2 Major Risks Smart Investors Should Know About Sea Limited

The Motley Fool
The Motley Fool

Sea Limited (NYSE: SE) is one of the more interesting investing stories in recent years. It not only runs a profitable video gaming franchise but also owns a fast-growing e-commerce business and an emerging fintech company. Then add in the fact that the company operates in some of the fastest-growing e-commerce regions -- Southeast Asia and Latin America -- and recently has entered Indian and European markets.

Investors, understandably, have shown a lot of interest in Sea, sending its stock up by more than tenfold in the last five years. That's even after its recent stock correction of more than 50% from all-time highs set in October!

While it's agreed that Sea has solid prospects , smart investors should not overlook the possible downsides of investing in this tech company. Here are two key risks that investors should know.

Image source: Getty Images.

1. Sea is overly dependent on a single revenue source

Investors have high hopes for Sea to replicate Alibaba Group Holding 's (NYSE: BABA) success in e-commerce in Southeast Asia. But Sea's biggest (and currently only) profitable business is the company's gaming subsidiary, Garena. What's more, Garena generates the bulk of its revenue from one single game -- Free Fire. While Sea does not break out Free Fire's income separately, the revenue contribution from its other games would likely be small compared to Free Fire.

The success of Free Fire cannot be overstated. Between March 31, 2016, and Sept. 30, 2017, Garena reported that quarterly active users (QAU) grew by 22 million to 69 million. After launching Free Fire, its first self-developed game, in December 2017, QAU surged to 88 million by the end of that quarter. Fast forward to the third quarter of 2021; Garena's QAU reached 729  million as Free Fire became the top-grossing game across Southeast Asia, Latin America, and India.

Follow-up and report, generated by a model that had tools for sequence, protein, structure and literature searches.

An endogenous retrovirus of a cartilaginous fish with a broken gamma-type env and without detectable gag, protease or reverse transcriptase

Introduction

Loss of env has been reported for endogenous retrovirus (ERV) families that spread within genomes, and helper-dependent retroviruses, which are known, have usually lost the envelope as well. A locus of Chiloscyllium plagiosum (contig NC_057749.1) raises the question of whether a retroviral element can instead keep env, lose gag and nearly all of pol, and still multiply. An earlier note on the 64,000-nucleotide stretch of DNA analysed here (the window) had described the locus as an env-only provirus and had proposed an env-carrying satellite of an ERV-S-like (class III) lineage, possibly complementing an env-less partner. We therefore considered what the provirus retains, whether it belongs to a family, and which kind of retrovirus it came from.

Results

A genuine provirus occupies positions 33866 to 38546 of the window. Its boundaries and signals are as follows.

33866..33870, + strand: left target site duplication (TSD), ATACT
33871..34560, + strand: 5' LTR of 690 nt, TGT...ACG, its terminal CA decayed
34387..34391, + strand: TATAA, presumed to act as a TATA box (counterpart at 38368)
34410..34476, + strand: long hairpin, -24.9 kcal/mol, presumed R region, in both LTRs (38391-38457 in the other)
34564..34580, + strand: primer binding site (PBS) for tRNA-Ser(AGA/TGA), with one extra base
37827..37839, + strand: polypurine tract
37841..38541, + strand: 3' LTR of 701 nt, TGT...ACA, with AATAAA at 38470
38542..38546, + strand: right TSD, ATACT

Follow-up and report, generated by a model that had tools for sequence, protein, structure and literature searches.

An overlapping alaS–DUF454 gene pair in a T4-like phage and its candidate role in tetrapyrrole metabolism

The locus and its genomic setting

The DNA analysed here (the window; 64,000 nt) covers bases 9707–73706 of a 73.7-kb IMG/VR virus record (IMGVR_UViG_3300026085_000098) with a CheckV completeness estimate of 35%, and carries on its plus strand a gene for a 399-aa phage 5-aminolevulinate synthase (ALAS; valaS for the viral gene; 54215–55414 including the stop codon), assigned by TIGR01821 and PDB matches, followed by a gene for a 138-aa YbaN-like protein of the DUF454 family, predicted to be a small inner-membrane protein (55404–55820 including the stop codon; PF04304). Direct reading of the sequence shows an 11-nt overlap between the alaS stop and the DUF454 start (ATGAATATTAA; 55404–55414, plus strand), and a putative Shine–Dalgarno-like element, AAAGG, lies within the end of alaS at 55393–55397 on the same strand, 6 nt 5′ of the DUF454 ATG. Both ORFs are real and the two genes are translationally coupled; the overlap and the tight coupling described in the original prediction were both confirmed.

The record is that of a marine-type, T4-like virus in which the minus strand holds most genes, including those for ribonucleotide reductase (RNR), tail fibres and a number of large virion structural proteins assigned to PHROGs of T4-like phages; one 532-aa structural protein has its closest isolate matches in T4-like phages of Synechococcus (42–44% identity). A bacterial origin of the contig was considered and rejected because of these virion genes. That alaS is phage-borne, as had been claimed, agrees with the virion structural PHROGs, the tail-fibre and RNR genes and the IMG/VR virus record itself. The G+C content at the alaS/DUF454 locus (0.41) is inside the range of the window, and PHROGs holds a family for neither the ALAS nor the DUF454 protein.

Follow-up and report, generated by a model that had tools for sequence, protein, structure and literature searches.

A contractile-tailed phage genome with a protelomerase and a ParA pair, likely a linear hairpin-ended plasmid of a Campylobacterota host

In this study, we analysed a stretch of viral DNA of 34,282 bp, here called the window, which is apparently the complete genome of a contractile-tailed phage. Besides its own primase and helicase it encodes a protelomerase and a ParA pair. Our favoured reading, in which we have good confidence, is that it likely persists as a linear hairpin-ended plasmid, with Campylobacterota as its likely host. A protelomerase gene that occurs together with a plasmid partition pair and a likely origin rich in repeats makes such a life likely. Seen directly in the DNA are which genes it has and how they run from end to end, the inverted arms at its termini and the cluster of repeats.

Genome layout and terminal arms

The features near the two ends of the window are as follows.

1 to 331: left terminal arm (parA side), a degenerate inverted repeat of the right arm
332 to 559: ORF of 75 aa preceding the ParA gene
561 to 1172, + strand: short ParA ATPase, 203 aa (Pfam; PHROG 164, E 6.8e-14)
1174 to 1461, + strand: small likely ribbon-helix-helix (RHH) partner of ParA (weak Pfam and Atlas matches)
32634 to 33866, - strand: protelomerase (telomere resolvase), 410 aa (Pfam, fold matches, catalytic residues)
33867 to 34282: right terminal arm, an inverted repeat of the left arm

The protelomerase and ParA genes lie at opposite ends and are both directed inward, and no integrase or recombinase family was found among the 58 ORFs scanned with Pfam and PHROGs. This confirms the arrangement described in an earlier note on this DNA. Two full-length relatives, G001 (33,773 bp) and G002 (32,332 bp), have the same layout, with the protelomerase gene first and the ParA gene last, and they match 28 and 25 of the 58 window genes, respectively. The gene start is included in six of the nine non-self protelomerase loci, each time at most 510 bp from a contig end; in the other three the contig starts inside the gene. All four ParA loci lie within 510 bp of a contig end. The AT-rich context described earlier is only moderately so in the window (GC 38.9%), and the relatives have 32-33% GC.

Free Fire 's success propels Sea's gaming revenue from $355 million for the whole of 2017 to $1.1 billion in just a single quarter. It also provides Sea with the necessary capital to invest in its other business segments, Shopee (e-commerce) and SeaMoney (fintech).

While investors are delighted with the opportunity to reallocate capital, it does open up other risks. As a start, there is no guarantee that Free Fire can continue to deliver revenue growth in the foreseeable future. After all, users may eventually get tired of the game, or other new games may become more popular. This will not occur overnight, but it is just a matter of time before Free Fire popularity plateaus and starts falling -- just like all its predecessors. Its QAU grew by just 4 million to 729 million in the latest quarter, an early sign of flattening growth. Even if Free Fire manages to sustain its popularity, other hiccups may come along that cause the game to become less profitable. For example, PUBG producer Krafton has recently filed a lawsuit against Free Fire . W hile still in its early stage, the legal action may lead to significant financial and operational penalties in the future.